Get Well! Linky Love

Been a bit under the weather this week, but lucky for you there’s still lots of great stuff to share. Enjoy!

Popular Shoe Company Makes Most Offensive Egypt Tweet Yet (Business Insider): Kenneth Cole made a bad, bad choice with this tweet. It’s surprising. For a company who has a focus on social responsibility and human rights – at least that was my perception – this kind of thing makes all the previous good seem inauthentic. Lots of years of good undone in one tweet.

Sizing Us & Them, A Lesson in Transparency from Rich Becker: This post is a great read with some terrific insights about the idea of transparency. This is something I’ve been thinking about a lot, so this post really resonated with some of my own ideas. It’s a little “heavier” than some of the linky love posts that I send your way, but if nothing else, take some time to read it.

My Tweets are My Own is a Bogus Line from Lauren Fernandez: Just because you include a disclaimer, that doesn’t mean that your online content doesn’t reflect back on your employers, academic institutions or even your teammates. Be intentional.

The 46 Stages of Twitter: A fun, tongue-in-cheek look at the adoption cycle on Twitter.

Ten Useful Hacks to Make Things Happen from Valeria Maltoni: Valeria has ten different dilemmas/problems that we can encounter in day-to-day work like, “you miss the big picture,” or “your idea doesn’t get done” and then ten ways to overcome those problems and get things done. Great advice.

Top Six Things to Know for an Interview: Great advice from a new blog by Porter Novelli specifically directed at PR interns and entry level folks. Don’t forget to do your homework!!

There’s No Such Thing as a Social Media Campaign from Adam Vincenzini: I couldn’t agree more.

Is Blogger Outreach the Missing Part of Your PR Plan from Scott Hepburn: I really like this post. I’ve had good success (and lots of fun) working with bloggers. Scott outlines how to make it work for you.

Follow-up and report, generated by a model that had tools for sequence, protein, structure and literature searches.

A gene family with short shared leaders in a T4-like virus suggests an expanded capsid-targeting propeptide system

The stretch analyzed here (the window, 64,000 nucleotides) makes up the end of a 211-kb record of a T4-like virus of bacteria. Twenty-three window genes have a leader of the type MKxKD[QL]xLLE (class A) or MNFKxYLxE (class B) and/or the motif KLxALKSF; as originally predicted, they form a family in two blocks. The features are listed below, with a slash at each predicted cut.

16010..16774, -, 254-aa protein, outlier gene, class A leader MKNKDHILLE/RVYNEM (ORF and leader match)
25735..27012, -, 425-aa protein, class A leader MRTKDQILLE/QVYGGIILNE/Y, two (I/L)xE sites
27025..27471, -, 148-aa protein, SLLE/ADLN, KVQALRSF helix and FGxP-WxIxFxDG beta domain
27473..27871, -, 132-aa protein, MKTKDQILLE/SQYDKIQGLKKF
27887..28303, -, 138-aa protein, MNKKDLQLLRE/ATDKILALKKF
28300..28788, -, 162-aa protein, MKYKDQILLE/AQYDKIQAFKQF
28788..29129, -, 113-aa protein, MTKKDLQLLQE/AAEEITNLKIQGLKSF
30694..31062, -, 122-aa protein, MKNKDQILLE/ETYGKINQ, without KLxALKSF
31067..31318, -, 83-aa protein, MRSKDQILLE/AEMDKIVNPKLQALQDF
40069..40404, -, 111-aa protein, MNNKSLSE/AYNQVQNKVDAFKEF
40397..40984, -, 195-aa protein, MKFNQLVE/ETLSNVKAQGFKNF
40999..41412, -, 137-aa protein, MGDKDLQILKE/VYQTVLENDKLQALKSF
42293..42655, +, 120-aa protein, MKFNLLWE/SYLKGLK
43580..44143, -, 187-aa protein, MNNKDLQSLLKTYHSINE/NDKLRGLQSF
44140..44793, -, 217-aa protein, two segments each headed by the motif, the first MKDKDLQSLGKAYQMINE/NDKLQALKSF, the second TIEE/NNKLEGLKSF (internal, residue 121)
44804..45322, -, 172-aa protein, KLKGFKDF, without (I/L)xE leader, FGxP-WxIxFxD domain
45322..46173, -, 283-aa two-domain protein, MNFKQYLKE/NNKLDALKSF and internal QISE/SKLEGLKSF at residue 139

…and because we’re in week 5 and stress is running high, I thought you might enjoy these tips on turning around a bad day and making it a good day (and yes, you can respond to this for your weekly post, J452).

image by Amy the Nurse

Basic Ethics of Media Relations

Picture 1Public relations professionals are, I would argue, faced with ethical decisions every day. They might be small or they might be life or death. In this business, the “product” we have is our integrity and credibility. Doing things that breech either can damage your reputation and your ability to be effective and just do your job.

My best all-purpose advice is to develop a decision making process for yourself and to think through in advance, how you’ll handle difficult situations.

One of the trickiest areas of practice for PR professionals is dealing with the media. Spin, control and manipulation can not be part of your repertoire. Period. Some specific (and basic) tips for behaving ethically in a media relations function.

  • Don’t lie. People will find out. And in this day-and-age, they will find out more quickly and the backlash will be broader and more far reaching than ever before. You’d think that case after case of people who have been caught should teach others a lesson.
  • Be upfront with how much you can share. If you’re not able to share certain information about a situation, be upfront about how much you can share. Legal or privacy regulations (such as HIPPA in the healthcare communications arena) will keep you from being able to share everything all the time.
  • Be a resource, even if you don’t benefit directly. This might be more of a best practice than a tip for good ethics, but it all ties in together. If you have a relationship with the media, foster it by being a good resource and ensuring the reporters, editors or producers know that you understand what they need to do a good job.
  • You cannot control content (even if you don’t like it, or you think it’s wrong). The key benefit to getting media coverage (vs. buying an ad) is the third party credibility that it offers. The media gatekeepers get to decide how the story is covered and that doesn’t always mean that you get the exact quotes or even specific information that you wanted. Get over it. Do not demand information be changed, do not throw a fit if you don’t get the coverage you want. (If there’s a genuine error of fact, you can request a correction, but do this only when absolutely necessary.)
  • Don’t lie. This is important enough to mention twice. Don’t do it. People will find out and they will never forgive you.
  • Be fair. Reporters and editors and producers and people, too. And sometimes they aren’t very nice people. But it’s important that you be fair and give equal access to a story. If you’re holding a press conference or issuing a statement, don’t leave someone out of the announcement because you don’t like them. Be professional and do your job.
  • Disclose, disclose, disclose! Disclose who you represent and what the organization’s interest are. Don’t be manipulative or less than transparent on this. Again… people will find out and you will damage your reputation.
  • Let the media do its job. Don’t undercut or sabotage a story.

What do you think? I know there are tips you’d add to this list and I know you have some examples. Let’s hear them!

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